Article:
Comparison of Process-Based and Temperature-Index Snowmelt Modeling in SWAT Academic Article uri icon

abstract

  • Snowmelt hydrology is an important part of hydrological analyses where significant proportion of precipitation is expected to fall in a snow form. Many models have long been introduced to enable the simulation of snowmelt processes in the watershed ranging from simple temperature based equations to complex and sophisticated process-based equations. Usually, mixed results have been reported whether or not the difference between results achieved by incorporating data demanding models vis-à-vis simple temperature-index models is justifiable. In this study, we compared the performances of physically based energy budget and simpler temperature-index based snowmelt calculation approaches within the SWAT model at three sites in two different continents. The results indicate insignificant differences between the two approaches. The temperature-index based snowmelt computation method had the overall model efficiency coefficients ranging from 0.49 to 0.73 while the energy budget based approach had efficiency coefficients ranging from 0.33 to 0.59 only. The magnitude of the differences varied based on where the models were applied. However, comparison between two process-based snowmelt estimation procedures (with and without the inclusion of aspect and slope as factors dictating the incoming solar energy) indicate that accounting for ground surface slope and aspect in the snowmelt model slightly improved the results. We conclude that for most practical applications where net solar radiation, not turbulent heat flux, dominates the snowmelt dynamics, a simpler temperature-index snowmelt estimation model is sufficient. © 2009 Springer Science+Business Media B.V.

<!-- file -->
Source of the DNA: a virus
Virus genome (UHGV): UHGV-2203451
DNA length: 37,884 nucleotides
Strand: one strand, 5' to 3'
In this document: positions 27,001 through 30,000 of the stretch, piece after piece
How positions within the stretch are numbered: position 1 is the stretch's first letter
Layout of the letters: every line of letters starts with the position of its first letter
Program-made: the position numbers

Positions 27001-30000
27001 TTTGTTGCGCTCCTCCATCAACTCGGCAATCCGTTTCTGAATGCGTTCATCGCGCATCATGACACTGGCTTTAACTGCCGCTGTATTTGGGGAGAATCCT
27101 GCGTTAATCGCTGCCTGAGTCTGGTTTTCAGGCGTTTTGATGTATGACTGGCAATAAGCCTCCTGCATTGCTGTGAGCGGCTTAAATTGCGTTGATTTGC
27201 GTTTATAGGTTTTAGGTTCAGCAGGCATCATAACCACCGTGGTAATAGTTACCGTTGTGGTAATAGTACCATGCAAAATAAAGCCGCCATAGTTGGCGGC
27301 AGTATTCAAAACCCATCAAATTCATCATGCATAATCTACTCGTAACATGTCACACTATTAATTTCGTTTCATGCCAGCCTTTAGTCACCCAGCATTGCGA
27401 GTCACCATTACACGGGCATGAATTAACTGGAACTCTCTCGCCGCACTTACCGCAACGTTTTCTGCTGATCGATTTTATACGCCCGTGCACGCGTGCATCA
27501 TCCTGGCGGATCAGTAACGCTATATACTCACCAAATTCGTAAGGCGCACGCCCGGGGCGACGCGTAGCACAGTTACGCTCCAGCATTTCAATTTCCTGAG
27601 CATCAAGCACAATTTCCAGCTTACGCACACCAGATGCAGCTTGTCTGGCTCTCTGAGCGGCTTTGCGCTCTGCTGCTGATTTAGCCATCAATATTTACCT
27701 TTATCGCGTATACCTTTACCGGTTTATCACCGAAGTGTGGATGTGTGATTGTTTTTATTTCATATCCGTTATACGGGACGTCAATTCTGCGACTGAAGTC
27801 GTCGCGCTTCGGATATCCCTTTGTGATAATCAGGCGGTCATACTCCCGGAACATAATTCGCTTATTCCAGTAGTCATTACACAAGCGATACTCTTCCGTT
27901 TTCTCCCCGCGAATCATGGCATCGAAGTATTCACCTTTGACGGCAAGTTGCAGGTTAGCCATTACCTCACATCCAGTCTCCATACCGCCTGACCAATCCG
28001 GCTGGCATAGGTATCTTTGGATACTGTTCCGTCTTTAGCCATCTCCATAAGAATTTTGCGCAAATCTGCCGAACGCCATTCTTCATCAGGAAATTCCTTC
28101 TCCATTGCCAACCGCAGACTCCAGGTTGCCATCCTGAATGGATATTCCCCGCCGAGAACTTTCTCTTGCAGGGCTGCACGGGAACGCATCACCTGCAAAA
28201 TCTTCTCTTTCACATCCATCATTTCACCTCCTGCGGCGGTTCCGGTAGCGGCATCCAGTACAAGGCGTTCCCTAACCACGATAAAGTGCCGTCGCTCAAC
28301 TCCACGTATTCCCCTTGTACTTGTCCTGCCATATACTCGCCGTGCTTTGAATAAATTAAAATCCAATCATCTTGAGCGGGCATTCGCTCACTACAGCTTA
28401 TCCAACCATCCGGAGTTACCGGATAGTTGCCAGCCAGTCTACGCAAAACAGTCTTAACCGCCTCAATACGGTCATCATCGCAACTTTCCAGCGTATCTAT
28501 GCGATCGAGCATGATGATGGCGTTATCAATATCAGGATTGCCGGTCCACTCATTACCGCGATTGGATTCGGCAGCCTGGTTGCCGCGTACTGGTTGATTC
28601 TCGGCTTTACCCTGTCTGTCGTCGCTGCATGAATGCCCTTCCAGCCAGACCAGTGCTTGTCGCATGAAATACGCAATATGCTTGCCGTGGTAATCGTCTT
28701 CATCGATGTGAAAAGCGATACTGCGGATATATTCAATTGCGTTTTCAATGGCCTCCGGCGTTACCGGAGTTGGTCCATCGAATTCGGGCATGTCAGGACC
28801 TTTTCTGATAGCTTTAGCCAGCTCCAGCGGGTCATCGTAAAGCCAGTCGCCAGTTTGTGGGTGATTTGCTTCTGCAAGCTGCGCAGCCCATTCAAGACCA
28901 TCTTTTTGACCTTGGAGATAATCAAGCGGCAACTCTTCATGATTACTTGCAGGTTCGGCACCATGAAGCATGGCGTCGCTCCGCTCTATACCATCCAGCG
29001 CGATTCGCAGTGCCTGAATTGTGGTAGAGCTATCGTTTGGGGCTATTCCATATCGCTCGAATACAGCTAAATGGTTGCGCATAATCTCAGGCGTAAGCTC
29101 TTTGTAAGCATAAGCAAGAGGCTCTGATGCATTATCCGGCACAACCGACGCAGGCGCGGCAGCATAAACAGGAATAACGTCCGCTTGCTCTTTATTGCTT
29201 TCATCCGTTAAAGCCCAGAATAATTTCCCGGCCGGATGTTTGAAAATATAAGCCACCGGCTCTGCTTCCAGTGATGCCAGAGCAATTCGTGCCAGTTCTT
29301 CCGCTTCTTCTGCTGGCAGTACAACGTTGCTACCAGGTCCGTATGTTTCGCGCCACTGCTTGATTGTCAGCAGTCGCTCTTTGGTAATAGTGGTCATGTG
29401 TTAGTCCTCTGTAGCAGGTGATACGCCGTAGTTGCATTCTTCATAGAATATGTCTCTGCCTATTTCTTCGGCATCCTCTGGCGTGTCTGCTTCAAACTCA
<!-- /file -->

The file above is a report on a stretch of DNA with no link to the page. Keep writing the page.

author list (cited authors)

  • Debele, B., Srinivasan, R., & Gosain, A. K.

citation count

  • 85

publication date

  • July 2009